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The new heroes of New Zealand TV

Julie Christie (bless her) gets all the airtime but a new wave of Kiwi TV entrepreneurs is hitting screens in New Zealand and on the international airwaves. Imagine what they could do with a decent share of the export receipts, writes Deborah Hill Cone

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Idealog November/December 2006, page 36. Photographs by Stephen Langdon

Julie Christie (bless her) gets all the airtime but a new wave of Kiwi TV entrepreneurs is hitting screens in New Zealand and on the international airwaves. Imagine what they could do with a decent share of the export receipts

In August, Statistics New Zealand released its first-ever survey of the Kiwi screen industry, covering the 2005 financial year. It found the industry earned $2.6 billion, almost as much as the forestry and horticulture industries. More than 85 percent is earned offshore.

This isn’t just a Weta thing—almost half the revenue came from television. And the export market isn’t interested in rehashed versions of overseas formats—they want to watch something new. That’s where Kiwis with ideas can thrive, even in the bureaucratic, ratings-obsessed world of TV.

Local production deals don’t always make it easy for TV entrepreneurs to sell their ideas overseas, but there’s a ready market for the shows and formats. And new technology and the rise of narrowcasting makes it easier to make shows on a shoestring budget. Idealog meets three New Zealanders who are part of the TV success story.

Great Southern Man

Phil Smith was working as a producer on TVNZ’s Holmes show when he had his epiphany. He read the book Primary Colours and was taken with Bill Clinton’s approach of getting ‘face time’ when he wanted to influence people. The affable, floppy-haired Smith took his cue, bowled into the office of TVNZ’s then-head of programming, Aussie hardman Mike Lattin—at the time feared for his unpredictable temper—and announced he wanted to go out on his own as a producer.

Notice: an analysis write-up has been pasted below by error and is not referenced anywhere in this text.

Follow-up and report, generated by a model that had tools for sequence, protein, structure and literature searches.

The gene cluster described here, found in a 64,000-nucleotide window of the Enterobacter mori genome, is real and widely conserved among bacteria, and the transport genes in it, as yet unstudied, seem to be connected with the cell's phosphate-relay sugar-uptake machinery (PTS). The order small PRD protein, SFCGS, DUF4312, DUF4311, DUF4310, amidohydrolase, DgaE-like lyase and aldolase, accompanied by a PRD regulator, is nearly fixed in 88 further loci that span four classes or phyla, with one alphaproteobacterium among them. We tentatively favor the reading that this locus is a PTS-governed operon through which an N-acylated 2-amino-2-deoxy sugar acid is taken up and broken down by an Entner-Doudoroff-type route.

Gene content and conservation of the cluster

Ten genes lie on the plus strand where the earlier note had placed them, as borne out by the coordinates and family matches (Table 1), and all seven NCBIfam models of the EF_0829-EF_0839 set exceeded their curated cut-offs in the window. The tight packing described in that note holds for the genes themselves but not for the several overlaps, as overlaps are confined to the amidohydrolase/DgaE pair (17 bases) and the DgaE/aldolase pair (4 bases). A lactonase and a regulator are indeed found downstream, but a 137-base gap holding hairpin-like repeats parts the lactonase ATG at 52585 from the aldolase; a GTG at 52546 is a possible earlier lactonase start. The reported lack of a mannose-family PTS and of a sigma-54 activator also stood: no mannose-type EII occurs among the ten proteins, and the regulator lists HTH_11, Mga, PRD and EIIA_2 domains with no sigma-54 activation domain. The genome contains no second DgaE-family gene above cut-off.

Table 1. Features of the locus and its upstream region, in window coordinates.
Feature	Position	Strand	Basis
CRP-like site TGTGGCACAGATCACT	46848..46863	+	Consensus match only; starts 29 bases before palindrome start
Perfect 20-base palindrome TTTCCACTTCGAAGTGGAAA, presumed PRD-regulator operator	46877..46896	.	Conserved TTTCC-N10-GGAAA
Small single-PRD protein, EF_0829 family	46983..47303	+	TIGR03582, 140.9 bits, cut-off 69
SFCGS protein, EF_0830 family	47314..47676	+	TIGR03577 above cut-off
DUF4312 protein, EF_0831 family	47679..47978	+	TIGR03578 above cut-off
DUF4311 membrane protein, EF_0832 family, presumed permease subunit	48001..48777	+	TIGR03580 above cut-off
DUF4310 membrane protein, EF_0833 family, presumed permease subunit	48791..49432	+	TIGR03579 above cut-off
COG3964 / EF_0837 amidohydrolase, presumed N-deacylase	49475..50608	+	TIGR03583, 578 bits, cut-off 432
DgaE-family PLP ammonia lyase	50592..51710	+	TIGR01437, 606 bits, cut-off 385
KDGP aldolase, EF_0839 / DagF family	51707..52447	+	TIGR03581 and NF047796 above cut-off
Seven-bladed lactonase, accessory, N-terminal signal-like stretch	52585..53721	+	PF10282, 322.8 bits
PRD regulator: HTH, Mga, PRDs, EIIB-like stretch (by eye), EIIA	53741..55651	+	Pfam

“Lattin said, tell you what, I own the rights to The Golf Show,” Smith recalls. “You can have them for a dollar.” Chalk one up for the Clinton approach.

Smith, who comes from an entrepreneurial family—his father was an industrialist running Beacon Shipping—says he always knew he would not be an employee for long. “I looked at reporters who were standing outside the District Court at 40 and thought I am not going to do that. I had seen Julie [Christie] go out on her own pretty early and admired her—I’d visited her sitting in her office with a fax machine and a box of stamps, and that was it.”

Media is going to be fragmenting and the next five years are going to be reasonably ugly for television.

Phil Smith

Smith and partner Phil Leishman set up sports production company Uplink in 1995 with the Lattin-gifted Golf Show as their first production. Things happened very quickly. He rang Sky programmer John McCready who said he was keen on the show.

“We ended up [five years later] being the largest independent producer of sport in Australasia—four golf shows, extreme sports shows, footie shows. We rang up ESPN in Singapore—just rang them out of the phone book—and they said we’ll buy your golf show for 42 weeks a year.  That gave our company huge value and an audience footprint of hundreds of millions of people,” Smith says.

In 2000 Uplink tried to sell its shows to a major player in the UK. “We saw the company management at Sportsworld and asked if they wanted to buy our shows. They said no, but we’d like to buy your company. Six months later we got $7 million for Uplink.”

But that wasn’t the end of the deal. In 2001 there was a dramatic collapse in the value of global sports rights. Sportsworld, which had been the fourth largest company in the market, went belly up.

Smith, helped by dealbroker Greg Peters, a former owner of the Midas auto chain, had wisely turned down an offer to structure the deal using Sportsworld shares, which plummeted from £6 per share to three pence.

“That’s where I got lucky,” says Smith. “I was able to walk away with money and freedom.”